Monday, December 22, 2014

South Sudan: War in Jonglei

The International Crisis Group (ICG) published on 22 December 2014 a major report titled "South Sudan: Jonglei--'We Have Always Been at War'."  The ICG concluded that the trajectory of war in Jonglei makes it imperative for the Intergovernmental Authority on Development to enhance its political presence in South Sudan, to better engage with armed groups, and to ensure talks in Addis Ababa reflect the diversity of armed interests on the ground. 

IGAD and the South Sudan Peace Process

The Juba-based Sudd Institute published on 7 December 2014 a policy brief titled "Inclusivity: A Challenge to the IGAD-led South Sudanese Peace Process" by Zacharia D. Akol, director of training at the Sudd Institute.

Akol argues that the Intergovernmental Authority on Development (IGAD) has been unable to convince the belligerent parties in South Sudan to accept the inclusion of the other parties in the talks.  Perceived or real, the appearance of partiality by IGAD, coupled with ostensible conflicting interests, critically overshadows IGAD's good work in terms of its determination to find a lasting peace in South Sudan.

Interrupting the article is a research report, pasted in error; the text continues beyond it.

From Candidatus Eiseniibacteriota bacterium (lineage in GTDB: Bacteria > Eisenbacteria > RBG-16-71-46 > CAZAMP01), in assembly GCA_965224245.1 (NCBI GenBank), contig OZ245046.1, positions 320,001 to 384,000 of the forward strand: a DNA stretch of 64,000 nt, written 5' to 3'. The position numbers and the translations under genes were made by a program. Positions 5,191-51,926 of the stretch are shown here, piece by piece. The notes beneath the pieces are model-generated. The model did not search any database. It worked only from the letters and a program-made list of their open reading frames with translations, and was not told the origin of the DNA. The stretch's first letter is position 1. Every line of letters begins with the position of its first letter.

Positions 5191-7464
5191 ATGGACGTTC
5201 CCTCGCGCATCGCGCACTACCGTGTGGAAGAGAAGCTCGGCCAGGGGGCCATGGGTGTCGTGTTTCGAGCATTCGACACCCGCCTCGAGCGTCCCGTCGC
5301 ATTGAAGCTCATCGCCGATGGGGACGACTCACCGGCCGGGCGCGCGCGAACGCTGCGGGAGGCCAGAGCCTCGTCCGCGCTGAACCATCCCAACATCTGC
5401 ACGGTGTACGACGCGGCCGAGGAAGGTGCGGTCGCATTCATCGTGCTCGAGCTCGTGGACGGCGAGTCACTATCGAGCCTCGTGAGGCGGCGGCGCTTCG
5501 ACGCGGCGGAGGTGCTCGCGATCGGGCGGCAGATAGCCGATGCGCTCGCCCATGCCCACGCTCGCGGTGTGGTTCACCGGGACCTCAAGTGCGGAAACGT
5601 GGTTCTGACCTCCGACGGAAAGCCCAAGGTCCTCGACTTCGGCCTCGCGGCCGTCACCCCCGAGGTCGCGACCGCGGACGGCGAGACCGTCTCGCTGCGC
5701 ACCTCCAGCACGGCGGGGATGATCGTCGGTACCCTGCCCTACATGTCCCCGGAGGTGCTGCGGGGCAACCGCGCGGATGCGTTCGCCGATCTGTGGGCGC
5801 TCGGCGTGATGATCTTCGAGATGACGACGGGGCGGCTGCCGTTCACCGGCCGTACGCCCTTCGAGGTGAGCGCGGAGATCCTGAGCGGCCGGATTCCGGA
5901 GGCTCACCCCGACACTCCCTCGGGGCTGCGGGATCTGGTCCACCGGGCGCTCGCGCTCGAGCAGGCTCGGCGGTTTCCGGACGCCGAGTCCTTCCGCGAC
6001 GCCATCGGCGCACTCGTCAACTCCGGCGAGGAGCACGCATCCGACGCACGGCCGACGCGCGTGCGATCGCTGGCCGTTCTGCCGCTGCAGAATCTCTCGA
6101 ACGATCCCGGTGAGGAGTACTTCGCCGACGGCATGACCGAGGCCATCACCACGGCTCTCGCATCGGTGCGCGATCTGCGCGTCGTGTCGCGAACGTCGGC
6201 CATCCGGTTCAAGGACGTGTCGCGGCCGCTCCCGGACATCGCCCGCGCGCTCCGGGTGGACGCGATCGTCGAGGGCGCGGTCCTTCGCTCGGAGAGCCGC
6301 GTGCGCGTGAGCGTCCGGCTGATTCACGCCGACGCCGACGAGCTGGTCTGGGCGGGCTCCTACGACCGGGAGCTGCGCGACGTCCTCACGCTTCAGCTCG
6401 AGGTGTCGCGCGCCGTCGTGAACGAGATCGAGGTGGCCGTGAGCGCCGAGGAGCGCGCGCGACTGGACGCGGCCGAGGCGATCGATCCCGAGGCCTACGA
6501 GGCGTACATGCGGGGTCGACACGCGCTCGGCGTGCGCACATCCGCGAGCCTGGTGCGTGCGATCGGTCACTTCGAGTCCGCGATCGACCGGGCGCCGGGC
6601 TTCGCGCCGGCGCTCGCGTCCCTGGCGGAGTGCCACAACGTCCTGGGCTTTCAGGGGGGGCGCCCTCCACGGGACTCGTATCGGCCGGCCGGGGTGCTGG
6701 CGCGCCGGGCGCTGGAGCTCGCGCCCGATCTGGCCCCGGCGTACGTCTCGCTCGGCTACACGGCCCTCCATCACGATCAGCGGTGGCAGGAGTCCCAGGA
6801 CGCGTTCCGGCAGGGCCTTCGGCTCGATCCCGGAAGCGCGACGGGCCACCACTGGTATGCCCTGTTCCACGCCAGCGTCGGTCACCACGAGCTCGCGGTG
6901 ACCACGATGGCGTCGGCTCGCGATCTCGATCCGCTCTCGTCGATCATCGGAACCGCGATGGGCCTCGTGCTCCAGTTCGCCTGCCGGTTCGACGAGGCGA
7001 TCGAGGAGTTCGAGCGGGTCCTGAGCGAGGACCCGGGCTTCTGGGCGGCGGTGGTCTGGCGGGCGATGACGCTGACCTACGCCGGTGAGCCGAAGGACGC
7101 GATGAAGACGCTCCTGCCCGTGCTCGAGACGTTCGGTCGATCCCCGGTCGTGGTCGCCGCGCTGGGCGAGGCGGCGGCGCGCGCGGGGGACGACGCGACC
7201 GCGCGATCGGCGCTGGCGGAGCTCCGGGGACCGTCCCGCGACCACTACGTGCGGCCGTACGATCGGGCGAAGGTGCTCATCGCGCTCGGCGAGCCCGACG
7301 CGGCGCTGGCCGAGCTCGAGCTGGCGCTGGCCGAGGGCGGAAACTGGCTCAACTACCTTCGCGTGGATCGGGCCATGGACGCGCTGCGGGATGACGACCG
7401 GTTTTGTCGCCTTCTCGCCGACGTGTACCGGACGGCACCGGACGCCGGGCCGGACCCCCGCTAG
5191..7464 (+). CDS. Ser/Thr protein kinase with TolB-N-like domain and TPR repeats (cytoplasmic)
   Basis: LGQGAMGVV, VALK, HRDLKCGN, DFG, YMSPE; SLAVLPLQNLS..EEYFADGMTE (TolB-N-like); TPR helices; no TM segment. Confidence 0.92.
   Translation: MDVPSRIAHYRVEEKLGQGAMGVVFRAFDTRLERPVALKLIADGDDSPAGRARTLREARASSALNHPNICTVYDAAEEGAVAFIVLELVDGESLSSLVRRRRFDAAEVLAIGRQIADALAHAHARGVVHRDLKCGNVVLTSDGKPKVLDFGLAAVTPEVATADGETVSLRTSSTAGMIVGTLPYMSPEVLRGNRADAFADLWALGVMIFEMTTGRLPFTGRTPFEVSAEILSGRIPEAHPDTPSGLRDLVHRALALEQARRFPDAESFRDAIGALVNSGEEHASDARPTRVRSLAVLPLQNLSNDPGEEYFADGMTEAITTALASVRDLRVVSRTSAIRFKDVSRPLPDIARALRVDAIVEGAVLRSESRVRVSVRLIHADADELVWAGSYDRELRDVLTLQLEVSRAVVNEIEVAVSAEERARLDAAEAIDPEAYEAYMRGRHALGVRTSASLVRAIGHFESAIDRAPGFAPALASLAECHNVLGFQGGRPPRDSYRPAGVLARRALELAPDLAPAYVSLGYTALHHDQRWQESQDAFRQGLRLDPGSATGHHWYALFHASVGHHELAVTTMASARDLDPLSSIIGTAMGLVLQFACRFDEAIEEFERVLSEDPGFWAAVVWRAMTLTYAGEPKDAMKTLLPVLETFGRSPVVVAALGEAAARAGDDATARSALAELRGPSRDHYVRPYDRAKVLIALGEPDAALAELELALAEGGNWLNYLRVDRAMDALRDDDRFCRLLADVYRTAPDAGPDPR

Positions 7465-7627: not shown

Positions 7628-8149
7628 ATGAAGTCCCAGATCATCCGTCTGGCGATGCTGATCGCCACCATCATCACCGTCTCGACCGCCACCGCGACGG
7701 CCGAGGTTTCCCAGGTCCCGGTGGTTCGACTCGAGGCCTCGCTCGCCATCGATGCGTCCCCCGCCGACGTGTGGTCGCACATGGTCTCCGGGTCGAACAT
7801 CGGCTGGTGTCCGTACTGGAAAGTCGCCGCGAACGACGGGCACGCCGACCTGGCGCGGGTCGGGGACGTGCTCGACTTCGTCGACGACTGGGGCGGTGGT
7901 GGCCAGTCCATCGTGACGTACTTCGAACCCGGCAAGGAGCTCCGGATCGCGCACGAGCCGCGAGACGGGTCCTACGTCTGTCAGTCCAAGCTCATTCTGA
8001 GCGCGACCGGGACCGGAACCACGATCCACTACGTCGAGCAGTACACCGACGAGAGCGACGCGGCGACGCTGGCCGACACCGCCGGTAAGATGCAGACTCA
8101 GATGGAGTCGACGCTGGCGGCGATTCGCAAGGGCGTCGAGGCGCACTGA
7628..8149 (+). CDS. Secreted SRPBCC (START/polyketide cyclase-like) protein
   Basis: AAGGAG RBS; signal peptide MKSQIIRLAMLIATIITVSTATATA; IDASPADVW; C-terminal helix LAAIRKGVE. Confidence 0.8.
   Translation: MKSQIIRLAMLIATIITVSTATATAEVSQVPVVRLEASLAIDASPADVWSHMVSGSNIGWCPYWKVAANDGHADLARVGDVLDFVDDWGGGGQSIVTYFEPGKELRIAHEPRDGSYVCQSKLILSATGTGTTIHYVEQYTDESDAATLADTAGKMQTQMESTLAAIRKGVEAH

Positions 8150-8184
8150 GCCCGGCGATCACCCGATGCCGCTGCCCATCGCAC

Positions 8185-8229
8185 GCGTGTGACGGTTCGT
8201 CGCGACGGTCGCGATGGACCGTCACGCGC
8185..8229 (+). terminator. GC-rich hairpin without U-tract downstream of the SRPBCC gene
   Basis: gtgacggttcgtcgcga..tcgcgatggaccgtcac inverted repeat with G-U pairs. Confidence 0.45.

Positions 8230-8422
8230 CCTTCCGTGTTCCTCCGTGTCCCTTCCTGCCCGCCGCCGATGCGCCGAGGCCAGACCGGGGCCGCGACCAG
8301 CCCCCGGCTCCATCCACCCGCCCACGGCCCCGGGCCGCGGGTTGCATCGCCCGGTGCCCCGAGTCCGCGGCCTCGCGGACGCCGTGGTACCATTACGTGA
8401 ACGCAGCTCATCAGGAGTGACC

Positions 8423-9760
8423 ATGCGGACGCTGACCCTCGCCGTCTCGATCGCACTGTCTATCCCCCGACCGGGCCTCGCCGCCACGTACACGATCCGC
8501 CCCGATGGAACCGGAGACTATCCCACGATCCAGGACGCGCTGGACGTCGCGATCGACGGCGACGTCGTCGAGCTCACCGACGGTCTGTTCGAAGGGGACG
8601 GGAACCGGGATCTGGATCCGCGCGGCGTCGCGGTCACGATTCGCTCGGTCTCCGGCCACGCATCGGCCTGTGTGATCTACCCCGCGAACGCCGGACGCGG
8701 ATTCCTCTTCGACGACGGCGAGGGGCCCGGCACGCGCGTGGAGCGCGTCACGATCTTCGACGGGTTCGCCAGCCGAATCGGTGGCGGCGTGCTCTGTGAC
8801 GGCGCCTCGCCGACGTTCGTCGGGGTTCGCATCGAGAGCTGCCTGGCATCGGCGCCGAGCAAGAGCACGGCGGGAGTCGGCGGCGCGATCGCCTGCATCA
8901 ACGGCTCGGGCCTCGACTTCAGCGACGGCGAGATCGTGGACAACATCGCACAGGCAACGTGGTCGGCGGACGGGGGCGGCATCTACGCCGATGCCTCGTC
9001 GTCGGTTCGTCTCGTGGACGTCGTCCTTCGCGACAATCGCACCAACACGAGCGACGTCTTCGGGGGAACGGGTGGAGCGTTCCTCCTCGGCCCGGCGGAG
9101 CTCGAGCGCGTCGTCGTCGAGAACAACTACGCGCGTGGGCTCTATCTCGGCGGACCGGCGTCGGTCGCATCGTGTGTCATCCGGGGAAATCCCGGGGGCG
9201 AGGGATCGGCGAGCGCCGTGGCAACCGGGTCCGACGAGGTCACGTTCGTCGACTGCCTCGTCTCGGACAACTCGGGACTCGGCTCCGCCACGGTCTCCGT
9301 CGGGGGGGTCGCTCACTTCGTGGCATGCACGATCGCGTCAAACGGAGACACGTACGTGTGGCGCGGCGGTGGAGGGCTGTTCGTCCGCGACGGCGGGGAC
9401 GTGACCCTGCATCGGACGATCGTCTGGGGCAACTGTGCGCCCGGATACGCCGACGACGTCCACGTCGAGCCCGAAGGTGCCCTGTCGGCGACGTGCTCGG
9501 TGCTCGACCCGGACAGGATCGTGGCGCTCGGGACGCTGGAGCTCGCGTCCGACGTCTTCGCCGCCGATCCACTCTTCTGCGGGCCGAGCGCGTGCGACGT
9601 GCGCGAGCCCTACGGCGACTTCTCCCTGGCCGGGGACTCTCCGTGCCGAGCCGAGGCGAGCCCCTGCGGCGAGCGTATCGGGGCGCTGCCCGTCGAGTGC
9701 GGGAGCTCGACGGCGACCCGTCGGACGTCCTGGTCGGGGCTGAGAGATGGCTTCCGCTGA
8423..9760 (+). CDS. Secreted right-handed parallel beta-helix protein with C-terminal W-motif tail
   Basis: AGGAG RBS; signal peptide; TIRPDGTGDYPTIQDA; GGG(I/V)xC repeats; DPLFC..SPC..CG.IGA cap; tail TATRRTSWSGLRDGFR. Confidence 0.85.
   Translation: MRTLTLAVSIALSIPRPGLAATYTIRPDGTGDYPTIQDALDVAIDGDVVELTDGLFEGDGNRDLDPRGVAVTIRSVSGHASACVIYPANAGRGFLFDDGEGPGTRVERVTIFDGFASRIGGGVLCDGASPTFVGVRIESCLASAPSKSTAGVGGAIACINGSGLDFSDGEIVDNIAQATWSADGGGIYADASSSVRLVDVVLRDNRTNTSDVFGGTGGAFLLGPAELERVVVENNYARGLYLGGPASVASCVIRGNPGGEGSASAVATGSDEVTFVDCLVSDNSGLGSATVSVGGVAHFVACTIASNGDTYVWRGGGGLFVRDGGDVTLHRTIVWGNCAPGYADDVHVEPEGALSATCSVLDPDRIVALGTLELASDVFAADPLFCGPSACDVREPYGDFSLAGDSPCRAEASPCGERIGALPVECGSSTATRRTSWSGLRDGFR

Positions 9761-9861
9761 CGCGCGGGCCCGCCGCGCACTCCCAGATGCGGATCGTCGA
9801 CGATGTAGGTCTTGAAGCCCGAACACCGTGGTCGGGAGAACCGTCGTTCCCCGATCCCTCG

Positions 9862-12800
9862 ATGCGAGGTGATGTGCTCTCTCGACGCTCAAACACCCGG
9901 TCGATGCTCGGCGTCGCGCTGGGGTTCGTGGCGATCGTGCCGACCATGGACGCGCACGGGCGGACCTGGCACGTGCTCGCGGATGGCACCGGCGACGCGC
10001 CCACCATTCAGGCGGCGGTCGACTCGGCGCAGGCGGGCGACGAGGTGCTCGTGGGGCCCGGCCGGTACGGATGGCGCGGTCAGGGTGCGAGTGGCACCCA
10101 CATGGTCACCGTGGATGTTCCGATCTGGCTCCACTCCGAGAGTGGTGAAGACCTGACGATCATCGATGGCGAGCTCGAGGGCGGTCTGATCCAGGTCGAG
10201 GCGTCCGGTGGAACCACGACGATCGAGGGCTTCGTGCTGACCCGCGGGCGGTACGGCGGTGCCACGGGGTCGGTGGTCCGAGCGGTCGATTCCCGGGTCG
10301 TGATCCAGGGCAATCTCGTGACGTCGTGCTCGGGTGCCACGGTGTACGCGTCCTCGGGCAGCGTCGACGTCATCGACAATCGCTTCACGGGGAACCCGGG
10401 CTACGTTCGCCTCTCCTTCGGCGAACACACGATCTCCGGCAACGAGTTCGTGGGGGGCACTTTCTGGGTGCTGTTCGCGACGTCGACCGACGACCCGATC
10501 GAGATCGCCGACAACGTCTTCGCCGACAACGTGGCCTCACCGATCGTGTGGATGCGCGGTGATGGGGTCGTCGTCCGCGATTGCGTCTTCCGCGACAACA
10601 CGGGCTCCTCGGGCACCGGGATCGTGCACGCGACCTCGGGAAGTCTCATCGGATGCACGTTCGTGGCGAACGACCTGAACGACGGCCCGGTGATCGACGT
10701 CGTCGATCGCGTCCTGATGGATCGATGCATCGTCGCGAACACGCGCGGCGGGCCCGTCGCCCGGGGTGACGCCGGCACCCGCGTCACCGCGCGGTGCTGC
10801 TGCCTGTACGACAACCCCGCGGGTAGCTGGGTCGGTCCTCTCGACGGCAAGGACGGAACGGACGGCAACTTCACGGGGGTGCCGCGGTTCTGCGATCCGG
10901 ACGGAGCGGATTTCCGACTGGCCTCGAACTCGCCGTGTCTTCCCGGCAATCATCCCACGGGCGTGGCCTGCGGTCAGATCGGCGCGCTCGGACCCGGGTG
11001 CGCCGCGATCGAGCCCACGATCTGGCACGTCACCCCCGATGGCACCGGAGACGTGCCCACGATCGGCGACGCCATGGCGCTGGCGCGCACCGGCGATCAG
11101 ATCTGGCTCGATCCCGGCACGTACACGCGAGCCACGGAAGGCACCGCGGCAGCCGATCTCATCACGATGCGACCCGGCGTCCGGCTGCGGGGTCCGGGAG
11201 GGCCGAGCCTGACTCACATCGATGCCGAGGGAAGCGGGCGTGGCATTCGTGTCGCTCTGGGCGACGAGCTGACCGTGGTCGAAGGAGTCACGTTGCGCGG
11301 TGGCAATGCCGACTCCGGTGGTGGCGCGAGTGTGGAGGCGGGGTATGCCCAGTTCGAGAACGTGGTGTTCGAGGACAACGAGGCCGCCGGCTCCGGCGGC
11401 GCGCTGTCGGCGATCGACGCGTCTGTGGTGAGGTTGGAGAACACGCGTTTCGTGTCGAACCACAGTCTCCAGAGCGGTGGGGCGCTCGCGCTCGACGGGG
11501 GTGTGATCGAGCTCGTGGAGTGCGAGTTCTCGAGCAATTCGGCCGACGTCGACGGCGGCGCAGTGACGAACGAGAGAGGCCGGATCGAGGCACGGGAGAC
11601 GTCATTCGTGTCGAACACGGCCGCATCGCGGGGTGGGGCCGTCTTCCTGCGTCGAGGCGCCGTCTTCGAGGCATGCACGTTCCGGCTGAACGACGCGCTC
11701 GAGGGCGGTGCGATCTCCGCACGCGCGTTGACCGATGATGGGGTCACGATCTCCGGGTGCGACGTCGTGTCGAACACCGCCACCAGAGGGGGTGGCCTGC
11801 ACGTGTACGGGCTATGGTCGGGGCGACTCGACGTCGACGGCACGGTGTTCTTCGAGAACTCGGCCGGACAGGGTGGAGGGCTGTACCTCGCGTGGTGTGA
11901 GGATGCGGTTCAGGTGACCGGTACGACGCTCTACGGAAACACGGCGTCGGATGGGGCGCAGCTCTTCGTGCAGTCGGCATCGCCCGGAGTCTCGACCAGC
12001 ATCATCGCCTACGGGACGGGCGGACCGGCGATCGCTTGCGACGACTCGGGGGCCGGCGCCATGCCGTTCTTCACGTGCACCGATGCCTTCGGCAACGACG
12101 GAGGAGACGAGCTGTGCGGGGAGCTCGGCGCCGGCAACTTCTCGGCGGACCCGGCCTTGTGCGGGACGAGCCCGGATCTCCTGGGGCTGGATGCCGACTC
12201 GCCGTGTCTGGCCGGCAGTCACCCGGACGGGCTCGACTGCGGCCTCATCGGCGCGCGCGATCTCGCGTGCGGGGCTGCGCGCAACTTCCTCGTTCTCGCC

Saturday, December 20, 2014

Security Changes in Kenya Prompt Counterterrorism Debate

The Washington-based Institute for Defense Analyses (IDA) published on 18 December 2014 a brief article titled "Security Changes in Kenya Prompt Counterterrorism Debate" by Alexander Noyes, research associate at IDA.  The article suggests that President Kenyatta's proposed major changes to Kenya's existing security statutes have encountered a spirited debate.

You can access the article by clicking the Africa Watch article under volume 6, December 18, 2014.

Friday, December 19, 2014

Insecurity Is Destroying Kenya's Economy

Foreign Policy published on 19 December 2014 a commentary titled "Insecurity Is Destroying Kenya's Economy" by Ramah Nyang.  This is a critical analysis of Uhuru Kenyatta's handling of security problems posed by al-Shabaab. 

China Reopens Embassy in Somalia

The Washington-based Institute for Defense Analysis (IDA) published on 18 December 2014 a brief article titled "China in Somalia--Reopening Its Embassy and Building Trust" by IDA staff member Ashley Neese Bybee.

You can access this brief article on China's reopening of its embassy in Mogadishu by going to volume 6, 18 December 2014.  

National Dialogue Process in Sudan

Enough published in December 2014 an analysis of the national dialogue process in Sudan titled "Starving War, Feeding Peace, and Setting the Table for National Dialogue in Sudan" by Akshaya Kumar and John Prendergast.   They conclude that the process at the moment is imbalanced, exclusive, and restrictive.  They suggest this could change if the Sudanese government decides to engage meaningfully and demonstrates its commitment by meeting six preconditions laid out by Enough.